The legwork of others and advances in technology have blazed a path for archivists and filmmakers alike. “I think what this story has in common with some of the ‘discoveries’ I made in the Dawson collection is that both archives had recently installed a hi-res digital scanner. I started working with the Dawson collection in 2013. I was maybe getting through twenty titles a day looking at reference 35mm prints on a Steenbeck [flatbed editing machine] in Gatineau, Quebec. Library and Archives Canada installed a scanner in January 2014, and after that I was able to order films scanned and loaded onto 12TB drives, and therefore access at high speed a great volume of material that had seldom been watched.”
Ample, virtuous technology awaits those with resources? “Say what you will about the instability of digital media as a preservation platform, it is an incredible tool for accessing and disseminating ancient images, and indeed, for spreading stories of their discovery,” Morrison says. “I think the lesson here is that there is a wealth of material hiding in plain sight in our archives and libraries. We are now able to safely access and view reels that were previously unviewable or would damage the film to try.”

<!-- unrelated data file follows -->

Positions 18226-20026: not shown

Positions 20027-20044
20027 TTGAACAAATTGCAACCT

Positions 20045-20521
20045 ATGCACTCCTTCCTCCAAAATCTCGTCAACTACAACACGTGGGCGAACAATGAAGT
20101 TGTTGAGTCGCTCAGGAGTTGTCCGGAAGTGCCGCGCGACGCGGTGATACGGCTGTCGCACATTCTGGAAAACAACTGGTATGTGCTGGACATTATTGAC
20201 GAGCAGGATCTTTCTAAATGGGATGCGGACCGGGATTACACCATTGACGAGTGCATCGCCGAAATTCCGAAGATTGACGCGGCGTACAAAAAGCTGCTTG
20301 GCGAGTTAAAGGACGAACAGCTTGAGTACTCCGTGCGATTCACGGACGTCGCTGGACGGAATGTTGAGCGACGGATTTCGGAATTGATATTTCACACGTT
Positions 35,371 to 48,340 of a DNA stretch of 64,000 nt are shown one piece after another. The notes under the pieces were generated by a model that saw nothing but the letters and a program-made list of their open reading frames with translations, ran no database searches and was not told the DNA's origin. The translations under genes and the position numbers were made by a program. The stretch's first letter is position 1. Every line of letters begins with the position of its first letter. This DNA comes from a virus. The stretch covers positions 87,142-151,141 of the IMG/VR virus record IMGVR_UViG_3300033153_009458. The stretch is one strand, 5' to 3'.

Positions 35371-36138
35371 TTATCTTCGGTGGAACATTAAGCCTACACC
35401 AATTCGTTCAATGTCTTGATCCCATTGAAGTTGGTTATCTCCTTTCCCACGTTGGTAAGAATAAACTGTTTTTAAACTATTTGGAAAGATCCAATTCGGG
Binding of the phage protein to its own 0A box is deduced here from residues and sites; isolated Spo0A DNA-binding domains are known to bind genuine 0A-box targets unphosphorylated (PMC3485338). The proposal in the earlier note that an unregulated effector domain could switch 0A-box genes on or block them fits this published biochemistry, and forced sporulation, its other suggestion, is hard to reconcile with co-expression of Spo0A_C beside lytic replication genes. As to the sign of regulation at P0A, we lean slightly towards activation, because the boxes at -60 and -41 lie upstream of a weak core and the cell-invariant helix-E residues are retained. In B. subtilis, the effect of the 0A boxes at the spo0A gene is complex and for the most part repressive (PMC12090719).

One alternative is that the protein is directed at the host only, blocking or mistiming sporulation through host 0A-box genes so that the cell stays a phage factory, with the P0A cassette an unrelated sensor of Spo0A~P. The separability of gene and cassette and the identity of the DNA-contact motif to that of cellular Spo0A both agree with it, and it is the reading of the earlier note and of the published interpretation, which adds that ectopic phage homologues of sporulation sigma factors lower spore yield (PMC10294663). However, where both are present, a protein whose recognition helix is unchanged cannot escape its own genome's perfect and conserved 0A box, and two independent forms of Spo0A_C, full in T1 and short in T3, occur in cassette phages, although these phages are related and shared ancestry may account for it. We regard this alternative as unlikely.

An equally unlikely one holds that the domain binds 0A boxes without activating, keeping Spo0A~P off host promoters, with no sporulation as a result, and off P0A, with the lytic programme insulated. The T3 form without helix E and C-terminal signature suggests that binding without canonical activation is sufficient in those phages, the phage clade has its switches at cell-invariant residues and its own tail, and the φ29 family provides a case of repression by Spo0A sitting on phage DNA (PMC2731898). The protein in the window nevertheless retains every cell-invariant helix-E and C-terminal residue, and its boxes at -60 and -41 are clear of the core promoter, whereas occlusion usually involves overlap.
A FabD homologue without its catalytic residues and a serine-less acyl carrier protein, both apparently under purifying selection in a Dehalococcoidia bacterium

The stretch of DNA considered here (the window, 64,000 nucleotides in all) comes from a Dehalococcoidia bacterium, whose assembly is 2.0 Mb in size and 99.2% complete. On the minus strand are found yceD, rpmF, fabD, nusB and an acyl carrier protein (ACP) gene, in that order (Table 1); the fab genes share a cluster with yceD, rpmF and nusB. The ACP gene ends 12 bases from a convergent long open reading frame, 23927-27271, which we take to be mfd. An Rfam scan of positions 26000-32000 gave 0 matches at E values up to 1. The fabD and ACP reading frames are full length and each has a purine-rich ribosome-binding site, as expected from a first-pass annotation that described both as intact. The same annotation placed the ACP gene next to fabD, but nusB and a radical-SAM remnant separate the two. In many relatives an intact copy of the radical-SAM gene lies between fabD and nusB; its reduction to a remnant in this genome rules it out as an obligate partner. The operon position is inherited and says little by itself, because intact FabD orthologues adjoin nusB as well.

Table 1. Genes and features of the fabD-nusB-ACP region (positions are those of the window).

Curator Dave Kehr, a reformed film critic who began his career at the Reader, says that “so few American feature films exist from the silent era that any find is automatically important. ‘The First Degree’ may not be a masterpiece—but let’s wait and see!—though it will still be of interest to film scholars as an example of a bread-and-butter ‘programmer’ from the period. Universal made dozens of films like this each year to keep theaters supplied in between what they called their “Jewel” and even “Super-Jewel” productions, with bigger budgets and bigger stars, like ‘Foolish Wives’ or ‘The Hunchback of Notre Dame.’”